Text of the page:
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City View Newsletter

Volume 4, Issue 28 • February 2011
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Note: There will be a public hearing on the proposed renewal of the Families and Education Levy next Thursday, February 17 at 5:30 p.m. in City Council chambers at City Hall (2nd floor, Fifth Avenue between James and Cherry Streets). Please join us.

Facing the facts on education

There's an elephant in the room that we don't like to talk about: the widespread inequity in Seattle Public Schools.

While many public school students receive an excellent education in our city, others are not so lucky. I like to say "facts are friendly," but that doesn't always make them easy to hear or act upon.

Consider a young student from a Seattle family living in poverty. When she enters kindergarten, she has slightly better than a 50-50 chance of reading at grade level in the 3rd grade. From the beginning, she has only a 60% chance of graduating from high school on time. But, it gets worse. If she fails a core subject in 6th grade, her high school graduation chances fall below 50%. In high school, she has a 1 in 3 chance of believing she has been tagged by teachers as "not college material."

Even if she does know the right courses to take to prepare for college (40% of low-income students won't), her odds of making the grades she needs—A's, B's or C's in all her core courses—are a slim 1 in 7. If she decides to enroll in community college, she has a 50% chance of needing to take at least one remedial course.

The barriers to success are massive for our children living in poverty and our children of color. It's easy to look at the facts, feel overwhelmed and—as we have for decades—quietly accept the status quo.

But we must recognize that without a solid education, young people lose out on their future. And some young people are losing more than others. Nationwide, black men aged 20-34 without a high school diploma are more likely to be behind bars than employed.

We must also recognize that graduating from high school no longer ensures success and a living-wage job in today's global, knowledge-driven economy. A recent study found that 67% of all jobs in Washington State will require some form of post-secondary education by 2018. We are not preparing our children for this reality.

But there's good news, too. We know much more today why some students succeed and how we can help those who are failing.

Everyone has a part to play. The City's role centers on our Families and Education Levy, which provides support services to students and families designed to boost academic performance.

Right now, my colleagues and I are considering whether to place a renewal of this important Levy before city voters in November.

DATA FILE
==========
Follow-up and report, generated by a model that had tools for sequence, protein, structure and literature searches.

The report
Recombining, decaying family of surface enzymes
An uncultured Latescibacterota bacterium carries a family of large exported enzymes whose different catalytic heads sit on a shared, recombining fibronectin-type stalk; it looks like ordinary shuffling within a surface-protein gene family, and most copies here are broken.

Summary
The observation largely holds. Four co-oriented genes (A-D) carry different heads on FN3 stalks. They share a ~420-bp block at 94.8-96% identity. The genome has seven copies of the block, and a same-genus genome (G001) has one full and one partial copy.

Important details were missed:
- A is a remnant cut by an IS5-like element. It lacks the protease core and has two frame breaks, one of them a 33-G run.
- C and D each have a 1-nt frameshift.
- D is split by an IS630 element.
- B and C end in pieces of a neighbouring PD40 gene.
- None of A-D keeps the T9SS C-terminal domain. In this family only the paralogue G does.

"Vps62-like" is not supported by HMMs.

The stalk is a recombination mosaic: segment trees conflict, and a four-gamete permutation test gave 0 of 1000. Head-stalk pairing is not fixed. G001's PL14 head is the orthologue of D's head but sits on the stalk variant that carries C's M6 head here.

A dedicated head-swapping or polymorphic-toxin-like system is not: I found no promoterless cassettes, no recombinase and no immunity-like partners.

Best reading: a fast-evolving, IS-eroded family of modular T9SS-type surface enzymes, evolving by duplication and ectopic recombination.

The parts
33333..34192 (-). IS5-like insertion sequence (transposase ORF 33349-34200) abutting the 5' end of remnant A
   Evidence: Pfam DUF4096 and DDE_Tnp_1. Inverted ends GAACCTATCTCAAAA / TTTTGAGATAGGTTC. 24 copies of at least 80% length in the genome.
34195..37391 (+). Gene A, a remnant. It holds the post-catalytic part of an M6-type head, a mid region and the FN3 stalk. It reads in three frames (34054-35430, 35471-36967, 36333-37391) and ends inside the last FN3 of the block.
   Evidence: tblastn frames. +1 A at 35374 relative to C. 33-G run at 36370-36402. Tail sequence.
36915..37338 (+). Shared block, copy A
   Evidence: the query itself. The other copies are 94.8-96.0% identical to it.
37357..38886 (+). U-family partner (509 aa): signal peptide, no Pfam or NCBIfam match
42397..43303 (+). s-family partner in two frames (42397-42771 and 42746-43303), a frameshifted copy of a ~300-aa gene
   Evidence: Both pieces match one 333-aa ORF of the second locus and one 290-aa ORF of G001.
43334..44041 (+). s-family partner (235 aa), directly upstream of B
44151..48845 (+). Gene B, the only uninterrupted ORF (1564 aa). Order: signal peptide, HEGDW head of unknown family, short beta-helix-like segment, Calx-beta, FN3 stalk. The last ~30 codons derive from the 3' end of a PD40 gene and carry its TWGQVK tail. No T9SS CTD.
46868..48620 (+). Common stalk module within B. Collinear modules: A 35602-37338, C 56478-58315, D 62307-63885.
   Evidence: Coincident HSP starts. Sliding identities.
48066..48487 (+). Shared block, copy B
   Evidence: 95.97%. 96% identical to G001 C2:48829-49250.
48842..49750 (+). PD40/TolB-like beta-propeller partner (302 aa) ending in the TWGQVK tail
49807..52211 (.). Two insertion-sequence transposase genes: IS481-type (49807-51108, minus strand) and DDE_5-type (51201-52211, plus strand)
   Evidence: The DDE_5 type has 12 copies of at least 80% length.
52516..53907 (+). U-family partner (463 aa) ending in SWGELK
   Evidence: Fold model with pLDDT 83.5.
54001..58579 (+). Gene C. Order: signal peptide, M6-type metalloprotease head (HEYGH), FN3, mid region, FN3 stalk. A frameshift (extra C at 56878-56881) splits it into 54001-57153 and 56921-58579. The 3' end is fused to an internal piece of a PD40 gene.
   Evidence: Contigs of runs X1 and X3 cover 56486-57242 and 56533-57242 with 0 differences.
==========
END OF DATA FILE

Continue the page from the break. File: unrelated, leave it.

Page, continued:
The proposed legislation is the result of eight months of preparation by a 24-member levy advisory committee and excellent collaboration between the Council, the Mayor and the School District. In response to the dramatic inequities they found and the new reality of the global economy, the committee unanimously recommended renewing and enhancing the City's investment in education. The committee chose an ambitious goal: All students in Seattle will graduate from high school ready for college and career.

With specific and measurable outcomes, the renewed Levy would require City-administered performance contracts with schools and other community organizations. If the performance measures are not met, funding would be reallocated.

The renewed Levy would provide a spectrum of necessary support interventions, including early learning for pre-kindergartners; focused academic support for children who have fallen behind at key school transition points; school-based health centers proven to keep kids in class; and case management services to families who need extra help negotiating the education system. Using researched-based best practices, the Levy proposal seeks to reduce the academic achievement gap by targeting the students and schools that need the most help.

The proposal would collect $231 million in Seattle property taxes over the next seven years, a cost of $124 (about $10 per month) to the homeowner of the average assessed residential value of $462,045 in 2012. Admittedly, this amount represents a significant increase from the previous Levy and will be an added burden to property owners.

But, after immersing myself in this issue for the last eight months, I fully believe it is an urgently needed investment. Everything we want for Seattle—a strong and growing economy, an equitable society, a fair justice system, safe and family-friendly streets—starts with a strong education for all our children.

Let me know what you think on this issue. I'd love to hear your opinions either by e-mail or at our public hearing next Thursday.


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Quick City View

From my personal blog

On my desk

Charles Payne: So Much Reform, So Little Change: The Persistence of Failure in Urban Schools
This is a very interesting book. Payne traces the American experiment with public education, especially related to African American children living in urban poverty. Solid recommendations on how to improve.

Through the lens

On January 20 I gave brief remarks to a packed house at Town Hall on the subject of child sex trafficking. 

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(206) 684-8806
PO Box 34025
Seattle, WA 98124-4025
Physical address:
600 Fourth Avenue, Fl. 2
tim.burgess@seattle.gov

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